Wednesday, 15 January 2014

Publishing, marketing and complete and utter bollocks

"The publishing industry has changed drastically over the past decade and because of these changes, authors must now carry the responsibilities of marketing, promotions and publicity for their books. This is a daunting task, and many authors fail, losing their publishing contract or possibly any future contracts."

I recently came across the above on a particular publisher’s website.

This is such complete and utter bollocks that I had no choice but to mention it here in the hope of firstly stopping a new writer from believing it and subbing their work to this publisher, and secondly, dispelling a myth.

Yes, publishing is undergoing some big changes in terms of how people read and how authors interact with readers, but people are still reading which is the most important thing. Whether they read a paperback, hardback, an ebook on their Kindle or any other reader, they’re at least reading. However, if any publisher – small or one of the big boys – wants to stay afloat and have readers consistently coming back to their authors, they need to let those readers know they’re out there. While the author would do well to have an online presence and tell people about their books, it’s sure as hell not the author’s sole responsibility to market, promo and publicise their work. Their job is to write a book to the best of their abilities, target the right agent or publisher for it and then work with the agent/publisher to get the book as close to perfect as can be (there’s no such thing as a completely perfect book but that’s a post for another day).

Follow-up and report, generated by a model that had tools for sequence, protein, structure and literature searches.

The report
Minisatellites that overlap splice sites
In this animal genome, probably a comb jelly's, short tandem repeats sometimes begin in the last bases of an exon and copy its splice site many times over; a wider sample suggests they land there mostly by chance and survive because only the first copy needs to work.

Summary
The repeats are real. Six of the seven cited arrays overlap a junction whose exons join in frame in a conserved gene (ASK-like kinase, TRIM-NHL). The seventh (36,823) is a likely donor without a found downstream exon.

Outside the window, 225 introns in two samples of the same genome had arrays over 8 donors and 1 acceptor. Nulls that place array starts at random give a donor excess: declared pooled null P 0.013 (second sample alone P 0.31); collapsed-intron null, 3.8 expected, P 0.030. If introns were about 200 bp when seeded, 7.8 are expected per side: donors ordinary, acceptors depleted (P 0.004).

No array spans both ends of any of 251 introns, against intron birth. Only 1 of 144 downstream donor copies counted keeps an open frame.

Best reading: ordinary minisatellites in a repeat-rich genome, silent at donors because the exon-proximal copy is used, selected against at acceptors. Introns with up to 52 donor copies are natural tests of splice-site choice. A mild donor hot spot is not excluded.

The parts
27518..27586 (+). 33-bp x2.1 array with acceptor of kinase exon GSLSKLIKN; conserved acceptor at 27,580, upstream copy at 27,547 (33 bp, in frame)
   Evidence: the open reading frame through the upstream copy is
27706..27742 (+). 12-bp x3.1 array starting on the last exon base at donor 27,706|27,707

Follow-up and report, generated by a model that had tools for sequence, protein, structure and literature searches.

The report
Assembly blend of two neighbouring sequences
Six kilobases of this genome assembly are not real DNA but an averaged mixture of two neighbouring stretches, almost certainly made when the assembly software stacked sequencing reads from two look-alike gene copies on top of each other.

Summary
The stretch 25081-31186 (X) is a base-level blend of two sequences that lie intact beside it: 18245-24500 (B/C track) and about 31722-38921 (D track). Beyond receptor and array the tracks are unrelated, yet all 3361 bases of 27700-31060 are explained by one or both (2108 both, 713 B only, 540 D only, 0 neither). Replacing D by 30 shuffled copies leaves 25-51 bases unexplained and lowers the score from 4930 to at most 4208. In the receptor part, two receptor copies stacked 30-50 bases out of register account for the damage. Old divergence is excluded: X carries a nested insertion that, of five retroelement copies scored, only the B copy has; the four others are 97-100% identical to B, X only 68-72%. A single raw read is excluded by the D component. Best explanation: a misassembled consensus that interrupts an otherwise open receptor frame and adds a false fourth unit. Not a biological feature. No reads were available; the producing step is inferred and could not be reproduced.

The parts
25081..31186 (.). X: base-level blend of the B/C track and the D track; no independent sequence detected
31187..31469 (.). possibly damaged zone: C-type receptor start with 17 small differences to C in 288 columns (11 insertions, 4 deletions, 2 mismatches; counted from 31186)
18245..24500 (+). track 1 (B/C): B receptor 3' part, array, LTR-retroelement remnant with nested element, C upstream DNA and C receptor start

A small, or even micro, press obviously isn’t going to have the same marketing department as one of the Big Six which doesn’t have to be a problem. As long as it engages with readers and gets the book out there to the right people (professional bloggers/reviewers who in turn speak to readers is a good start), it’s on to a winner. If it simply churns out book after book and leaves them to sink or swim on their own, it’s cocked up for itself and for its authors. Ultimately, the author’s time is better spent working on the next book in order to keep readers interested while letting people know as and when they can that the first book is available. The author is not a marketing, promo and publicity department all rolled into one.

Any publisher who tells writers otherwise should be avoided at all costs. Otherwise that writer will see their book vanishing without a trace.

7 comments:

  1. I just posted a long comment and blogger ate it.

    Anyway, I agree most mightily. Any publisher that puts the onus for promo onto the author is lying, and dodging their responsibilities as a BUSINESS.

    And if they're taking a percentage of my royalties for doing sod all, why wouldn't I then just self-publish instead and save myself the hassle - and a whole heap of cash?

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    1. I don't often use rude words (okay, that's a lie) but I felt pretty strongly about this one. I've seen small publishers say something along the lines of 'we don't have a big marketing department so we'll work with you on promo etc', but the quote from the publisher is SO very wrong.

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  2. PS: Any publisher that tells you YOU are solely responsible for promo is stopping you doing what writers' main duty is.

    To write the next book.

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  3. Nice post, Luke. Timely and relevant. Agents next, please!

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